It appears an officer was knocked over during a post-goal celebration.
As the FFA Cup reaches its climax, so too does the buzz around watching lower-division teams challenge the top of Australian football.
The underdog story is a powerful one, particularly when Australia’s lower football tiers are so far removed from our collective consciousness.
But as is custom, once this competition is over, they are lost to the general public once more – returning to squalid, decrepit environments, valued only for producing players to the A-League.
This isn’t the way that it should be, and creating interest around these lower divisions – particularly the second tier of Australian football – is essential in bridging the gap in our sport.
While it’s a nice, wholesome statement to advocate watching the second division of Australian football, are there legitimate reasons to? Can we find any value from lugging ourselves across our respected cities to watch semi-professional clubs?
I think so.
First there’s the quality. Surely if the A-League is deemed a competition full of average football players, then what can be said of those below them?
There’s some legitimacy to this claim: there are a chunk of players in the NPL that just aren’t good enough for higher leagues, and as spectators, we are interested in watching entertaining, highly developed games.
But the lack of quality in the NPL is just as prominent as the lack of opportunities in the A-League.
With only ten professional clubs to choose from, there simply isn’t enough space to promote and develop the talent Australia football produces. Most great players are refined within these lower leagues, and high-quality matches – or at least high-intensity matches – are somewhat frequent.
One that comes to mind was the FFA Cup clash between South Melbourne and Dandenong City in 2017. Down 4-1 in the 82nd minute, South were able to score four goals in ten minutes to continue their FFA Cup journey, making it all the way to the semi-finals against Sydney FC.
Whether that indicates a high quality or complete lack of quality, it shows that there is at least an entertaining product in these leagues, and they produce just as varied performances as in the A-League.
The close contests that are produced between A-League and lower-tier clubs aren’t just based on the motivations of the better team. The top second-division teams are more equal in terms of quality than we might think, and perhaps only resources tip the scales.
If the quality of the NPL can be considered just as good at times as the A-League, what about the atmosphere?
Surely A-League teams – who possess state-of-the-art facilities and larger fan bases – can produce a better experience than in lower divisions?
Again, it’s a yes-and-no answer. While the stadiums are nice, boutique stadiums seem to be the future due to crowd numbers. Smaller venues would create a better atmosphere.
Lower-league teams often come from a culture older than most A-League teams, which brings a committed fan base and an entertaining spectacle for neutrals. While a game with 5000 spectators might not sound like much, during a high-intensity game, this can produce a much more enthralling experience than the echoes of an empty stadium.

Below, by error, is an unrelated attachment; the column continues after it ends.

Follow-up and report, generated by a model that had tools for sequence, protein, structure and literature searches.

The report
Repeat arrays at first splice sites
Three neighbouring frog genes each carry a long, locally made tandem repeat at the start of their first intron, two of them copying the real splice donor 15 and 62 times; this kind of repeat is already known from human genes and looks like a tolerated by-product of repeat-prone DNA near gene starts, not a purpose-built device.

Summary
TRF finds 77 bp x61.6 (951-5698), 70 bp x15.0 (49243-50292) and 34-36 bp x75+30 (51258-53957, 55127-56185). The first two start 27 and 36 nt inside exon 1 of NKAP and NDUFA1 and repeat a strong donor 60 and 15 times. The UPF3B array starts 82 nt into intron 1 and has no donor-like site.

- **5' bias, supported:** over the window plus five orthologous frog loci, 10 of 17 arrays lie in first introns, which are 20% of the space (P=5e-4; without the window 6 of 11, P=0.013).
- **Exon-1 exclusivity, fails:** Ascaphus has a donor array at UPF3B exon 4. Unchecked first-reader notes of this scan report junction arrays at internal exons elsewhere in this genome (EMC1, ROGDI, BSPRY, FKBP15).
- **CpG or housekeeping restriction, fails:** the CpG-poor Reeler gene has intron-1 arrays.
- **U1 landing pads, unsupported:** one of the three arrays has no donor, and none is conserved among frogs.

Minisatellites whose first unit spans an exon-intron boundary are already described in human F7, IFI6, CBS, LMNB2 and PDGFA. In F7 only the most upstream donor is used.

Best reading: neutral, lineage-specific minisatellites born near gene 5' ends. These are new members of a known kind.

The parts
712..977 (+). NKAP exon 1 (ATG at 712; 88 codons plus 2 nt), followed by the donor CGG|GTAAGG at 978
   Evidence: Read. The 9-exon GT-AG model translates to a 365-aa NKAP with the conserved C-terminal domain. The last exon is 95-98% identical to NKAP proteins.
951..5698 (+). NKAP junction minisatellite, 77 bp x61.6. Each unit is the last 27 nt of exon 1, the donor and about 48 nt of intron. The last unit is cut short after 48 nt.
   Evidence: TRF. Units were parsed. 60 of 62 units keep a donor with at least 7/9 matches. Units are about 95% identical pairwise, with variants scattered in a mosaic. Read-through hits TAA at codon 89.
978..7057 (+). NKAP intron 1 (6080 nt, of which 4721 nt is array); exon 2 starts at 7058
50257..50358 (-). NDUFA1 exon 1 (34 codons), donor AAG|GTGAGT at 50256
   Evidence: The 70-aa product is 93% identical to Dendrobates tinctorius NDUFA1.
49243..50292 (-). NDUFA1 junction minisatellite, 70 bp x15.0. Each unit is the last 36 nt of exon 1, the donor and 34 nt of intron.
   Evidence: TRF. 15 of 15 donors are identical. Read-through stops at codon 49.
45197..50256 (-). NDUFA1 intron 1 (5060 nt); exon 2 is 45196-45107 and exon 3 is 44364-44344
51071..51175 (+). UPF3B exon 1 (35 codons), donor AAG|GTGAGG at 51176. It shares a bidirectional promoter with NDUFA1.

These people genuinely care about their clubs, and that contributes to the quality of the experience.
The direction and future of these lower leagues may be the most damning argument against watching them. Specifically, who cares? What does it matter which team wins the league when there is a glass ceiling that can never be broken?
This has been a key reason why lower-division teams are rapidly losing their fan bases. As the A-League continues to stagnate with no intention of calling up previously established teams and a B-League not established quick enough, fan bases have begun to falter, with a despondent air encircling the NPL.
But that’s the beauty of sport – no matter what league, we can ascribe meaning to these competitions ourselves, and it shouldn’t prevent us from continuing to support our clubs.
In fact, it’s our support that allows these clubs to continue, providing them with the resources to be at their best so that they can be ready for the FFA Cup or, one day, a B-League.
The point of this article is not to convince you that the lower divisions of Australia Football are better than the A-League. That is counter-intuitive, and also wrong.
But the NPL is our football. It is Australian football in its rawest form. And while part of that comes from quality, a large portion comes from being on the fringes of Australia’s sporting scene.
There may be a limited interest in Australian football, and these leagues are by no means a way to entice new viewers. But they possess something special – something not present in our top sporting leagues.
These lower divisions can provide an experience – good or bad – that you can’t get anywhere else.